What is ironic about the fire that Jack starts?

What is ironic about the fire that Jack starts

In William Golding’s classic novel “Lord of the Flies,” one of the most notable events is the fire that Jack starts to flush out his rival, Ralph. However, this act of aggression leads to an unexpected outcome. So what is ironic about the fire that Jack starts?

Instead of getting rid of Ralph, the smoke from the fire catches the attention of a passing ship, which ultimately leads to the boys’ rescue. What makes this situation particularly interesting is the irony of it all: Jack had initially dismissed the idea of a signal fire as stupid, yet it was precisely this “stupid” idea that ended up saving their lives. This article will explore the various layers of irony in this pivotal moment of the novel and its broader implications on the story as a whole.

What is ironic about the fire that Jack starts? (Complete Answer)

In the Lord of the Flies, Jack starts a wildfire in an attempt to flush out his rival, Ralph, from the jungle. However, the smoke from the fire brings a rescue boat to the island, ultimately leading to the boys’ rescue. The irony of this situation is that Jack had previously dismissed the idea of a signal fire as stupid. Yet, it was precisely the fire he set that led to their rescue.

This moment of irony highlights a broader theme in the novel – the destructive nature of human nature. Jack’s obsession with hunting and violence leads him to start the wildfire, which not only endangers the lives of his fellow survivors but also destroys a significant portion of the island’s natural resources.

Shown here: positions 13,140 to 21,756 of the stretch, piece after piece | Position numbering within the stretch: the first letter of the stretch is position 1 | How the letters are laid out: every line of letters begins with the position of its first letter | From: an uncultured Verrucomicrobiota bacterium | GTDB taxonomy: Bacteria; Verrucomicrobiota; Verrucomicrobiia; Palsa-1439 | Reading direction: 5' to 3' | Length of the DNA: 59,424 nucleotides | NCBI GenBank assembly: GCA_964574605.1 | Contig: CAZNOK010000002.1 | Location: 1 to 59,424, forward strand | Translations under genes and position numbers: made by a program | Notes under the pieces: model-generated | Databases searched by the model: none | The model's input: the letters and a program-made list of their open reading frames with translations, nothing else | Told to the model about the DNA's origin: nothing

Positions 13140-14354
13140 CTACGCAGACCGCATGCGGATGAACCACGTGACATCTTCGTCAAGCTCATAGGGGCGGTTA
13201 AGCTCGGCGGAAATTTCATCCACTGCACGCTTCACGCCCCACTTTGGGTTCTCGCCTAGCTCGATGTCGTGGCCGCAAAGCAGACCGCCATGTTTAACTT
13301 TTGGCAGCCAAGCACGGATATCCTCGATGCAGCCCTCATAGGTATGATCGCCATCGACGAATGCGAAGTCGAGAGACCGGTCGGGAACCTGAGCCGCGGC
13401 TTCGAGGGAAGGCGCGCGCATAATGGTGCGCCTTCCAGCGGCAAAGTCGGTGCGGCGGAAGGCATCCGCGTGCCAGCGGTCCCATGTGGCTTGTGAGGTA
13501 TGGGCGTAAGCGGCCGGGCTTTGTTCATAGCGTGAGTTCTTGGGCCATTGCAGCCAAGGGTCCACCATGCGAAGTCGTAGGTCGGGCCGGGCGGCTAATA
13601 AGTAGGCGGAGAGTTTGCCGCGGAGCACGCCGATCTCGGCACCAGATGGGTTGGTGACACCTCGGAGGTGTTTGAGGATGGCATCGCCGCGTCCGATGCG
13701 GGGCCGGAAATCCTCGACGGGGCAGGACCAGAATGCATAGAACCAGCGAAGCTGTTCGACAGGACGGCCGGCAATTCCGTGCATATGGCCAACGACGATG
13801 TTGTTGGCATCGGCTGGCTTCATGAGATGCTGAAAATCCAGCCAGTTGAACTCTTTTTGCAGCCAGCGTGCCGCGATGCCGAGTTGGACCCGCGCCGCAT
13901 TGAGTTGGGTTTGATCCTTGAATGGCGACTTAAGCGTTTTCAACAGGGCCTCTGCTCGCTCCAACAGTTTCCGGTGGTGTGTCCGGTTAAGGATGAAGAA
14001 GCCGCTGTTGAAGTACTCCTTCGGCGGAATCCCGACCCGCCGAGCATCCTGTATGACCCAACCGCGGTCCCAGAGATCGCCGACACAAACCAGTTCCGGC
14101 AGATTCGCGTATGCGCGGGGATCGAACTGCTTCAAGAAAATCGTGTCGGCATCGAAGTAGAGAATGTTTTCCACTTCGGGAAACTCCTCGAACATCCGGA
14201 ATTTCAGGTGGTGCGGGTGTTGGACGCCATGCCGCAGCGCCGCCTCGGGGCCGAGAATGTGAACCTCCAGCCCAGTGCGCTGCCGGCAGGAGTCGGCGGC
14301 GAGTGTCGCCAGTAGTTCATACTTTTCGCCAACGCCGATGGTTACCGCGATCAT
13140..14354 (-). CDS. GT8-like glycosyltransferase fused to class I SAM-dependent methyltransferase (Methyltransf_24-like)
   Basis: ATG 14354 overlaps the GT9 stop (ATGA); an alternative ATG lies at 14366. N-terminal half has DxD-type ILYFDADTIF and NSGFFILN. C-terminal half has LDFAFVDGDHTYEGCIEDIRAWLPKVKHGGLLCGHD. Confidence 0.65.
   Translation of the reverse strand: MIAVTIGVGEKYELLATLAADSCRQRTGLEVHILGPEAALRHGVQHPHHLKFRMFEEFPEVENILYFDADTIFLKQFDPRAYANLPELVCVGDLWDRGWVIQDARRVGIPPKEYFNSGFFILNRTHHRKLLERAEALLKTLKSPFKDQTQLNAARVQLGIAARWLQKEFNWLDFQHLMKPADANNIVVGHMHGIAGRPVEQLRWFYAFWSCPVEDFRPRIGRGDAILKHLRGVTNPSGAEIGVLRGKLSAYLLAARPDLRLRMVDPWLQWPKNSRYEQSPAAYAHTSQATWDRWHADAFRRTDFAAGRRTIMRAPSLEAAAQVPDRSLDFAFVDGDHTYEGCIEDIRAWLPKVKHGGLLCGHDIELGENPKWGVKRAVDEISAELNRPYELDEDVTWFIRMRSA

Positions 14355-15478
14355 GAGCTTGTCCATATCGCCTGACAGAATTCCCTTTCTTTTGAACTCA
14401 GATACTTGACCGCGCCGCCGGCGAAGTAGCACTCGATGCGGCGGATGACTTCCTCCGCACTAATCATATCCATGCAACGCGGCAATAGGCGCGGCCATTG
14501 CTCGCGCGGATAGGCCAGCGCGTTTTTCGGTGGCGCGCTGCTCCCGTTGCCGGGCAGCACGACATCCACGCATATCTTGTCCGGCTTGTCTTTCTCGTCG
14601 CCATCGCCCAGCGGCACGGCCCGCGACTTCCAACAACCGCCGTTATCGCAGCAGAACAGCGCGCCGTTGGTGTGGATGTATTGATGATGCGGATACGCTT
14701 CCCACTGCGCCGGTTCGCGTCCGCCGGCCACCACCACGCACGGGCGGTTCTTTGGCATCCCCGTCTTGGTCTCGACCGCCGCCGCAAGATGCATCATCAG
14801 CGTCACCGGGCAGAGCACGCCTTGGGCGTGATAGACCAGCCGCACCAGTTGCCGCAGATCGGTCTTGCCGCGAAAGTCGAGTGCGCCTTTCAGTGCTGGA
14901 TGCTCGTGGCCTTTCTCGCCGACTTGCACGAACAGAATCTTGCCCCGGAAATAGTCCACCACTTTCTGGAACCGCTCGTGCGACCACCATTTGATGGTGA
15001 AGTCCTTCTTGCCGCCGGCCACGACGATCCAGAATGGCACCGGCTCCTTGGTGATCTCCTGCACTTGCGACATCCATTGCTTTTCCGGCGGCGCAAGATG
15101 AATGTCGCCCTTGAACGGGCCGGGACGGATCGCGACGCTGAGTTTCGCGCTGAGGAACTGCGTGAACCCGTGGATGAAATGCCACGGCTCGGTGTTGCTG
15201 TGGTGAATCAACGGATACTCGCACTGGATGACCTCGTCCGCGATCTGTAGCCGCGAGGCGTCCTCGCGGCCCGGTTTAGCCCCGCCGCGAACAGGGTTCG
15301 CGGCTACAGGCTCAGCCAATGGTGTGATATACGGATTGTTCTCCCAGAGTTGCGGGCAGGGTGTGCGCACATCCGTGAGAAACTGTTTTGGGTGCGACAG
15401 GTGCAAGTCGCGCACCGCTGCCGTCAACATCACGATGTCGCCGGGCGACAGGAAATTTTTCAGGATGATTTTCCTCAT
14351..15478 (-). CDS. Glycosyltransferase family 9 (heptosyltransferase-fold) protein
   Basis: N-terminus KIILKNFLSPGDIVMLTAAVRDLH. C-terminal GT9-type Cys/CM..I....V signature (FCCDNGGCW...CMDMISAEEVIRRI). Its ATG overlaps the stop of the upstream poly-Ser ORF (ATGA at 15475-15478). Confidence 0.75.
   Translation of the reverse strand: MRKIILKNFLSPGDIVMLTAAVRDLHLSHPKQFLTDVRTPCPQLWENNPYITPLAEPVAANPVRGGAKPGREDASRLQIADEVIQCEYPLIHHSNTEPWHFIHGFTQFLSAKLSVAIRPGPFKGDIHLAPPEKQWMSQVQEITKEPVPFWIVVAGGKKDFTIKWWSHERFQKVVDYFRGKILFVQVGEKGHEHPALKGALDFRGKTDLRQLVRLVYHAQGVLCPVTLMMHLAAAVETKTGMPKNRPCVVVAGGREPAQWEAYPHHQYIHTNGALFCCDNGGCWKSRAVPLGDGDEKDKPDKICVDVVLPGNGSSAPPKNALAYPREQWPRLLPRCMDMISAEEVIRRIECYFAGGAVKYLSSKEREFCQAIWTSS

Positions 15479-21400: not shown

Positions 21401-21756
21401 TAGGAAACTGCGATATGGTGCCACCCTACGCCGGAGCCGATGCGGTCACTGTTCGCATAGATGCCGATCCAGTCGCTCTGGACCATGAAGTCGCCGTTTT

Furthermore, this ironic situation brings Jack’s arrogance and stubbornness to light. He refuses to admit that Ralph’s idea of the signal fire might have been a good one, even though it ultimately leads to their rescue. This unwillingness to admit fault is a common trait of many of the novel’s characters, leading to disastrous consequences.

The irony of the situation is also reflective of the novel’s larger theme – the loss of civilization and the descent into chaos. The boys initially came from a civilized society, but their lack of structure and authority on the island leads to the breakdown of their social order. The fire, which was meant to be a tool for survival, becomes a symbol of destruction and chaos.

What does the fire symbolize to Jack?

To Jack, the fire symbolizes power and control. At first, he becomes obsessed with keeping the fire going as a means to signal for rescue. However, as he becomes more power-hungry and savage, the fire represents his ability to control the other boys in the group. He even orders his followers to start a fire to smoke out Ralph, who represents the last shred of civilization on the island. In short, for Jack, the fire became a tool to exert his dominance over the others and further his own agenda.

What is the irony of Jack in Lord of the Flies?

The irony of Jack in Lord of the Flies is that he begins the story as the leader of the choir boys and is initially shown as being responsible and organized. However, as the story progresses, he becomes savage and violent, taking pleasure in killing pigs and, eventually, humans. This irony lies in the fact that his initial appearance as a responsible and organized leader is ultimately betrayed by his descent into savagery and violence. Although Jack believes that aggression and dominance are necessary for survival on the island, his eventual transformation into a brutal dictator proves that he cannot control his own human impulses and ultimately contributes to the group’s downfall.


In conclusion, the fire that Jack starts in “Lord of the Flies” is a prime example of the novel’s use of irony to highlight its central themes. Jack’s initial dismissal of the signal fire as a stupid idea ultimately leads to their rescue, but only after causing significant damage to the island and endangering the boys’ lives. This moment serves as a reminder of the destructive nature of human beings and the importance of structure and authority in maintaining a civilized society.

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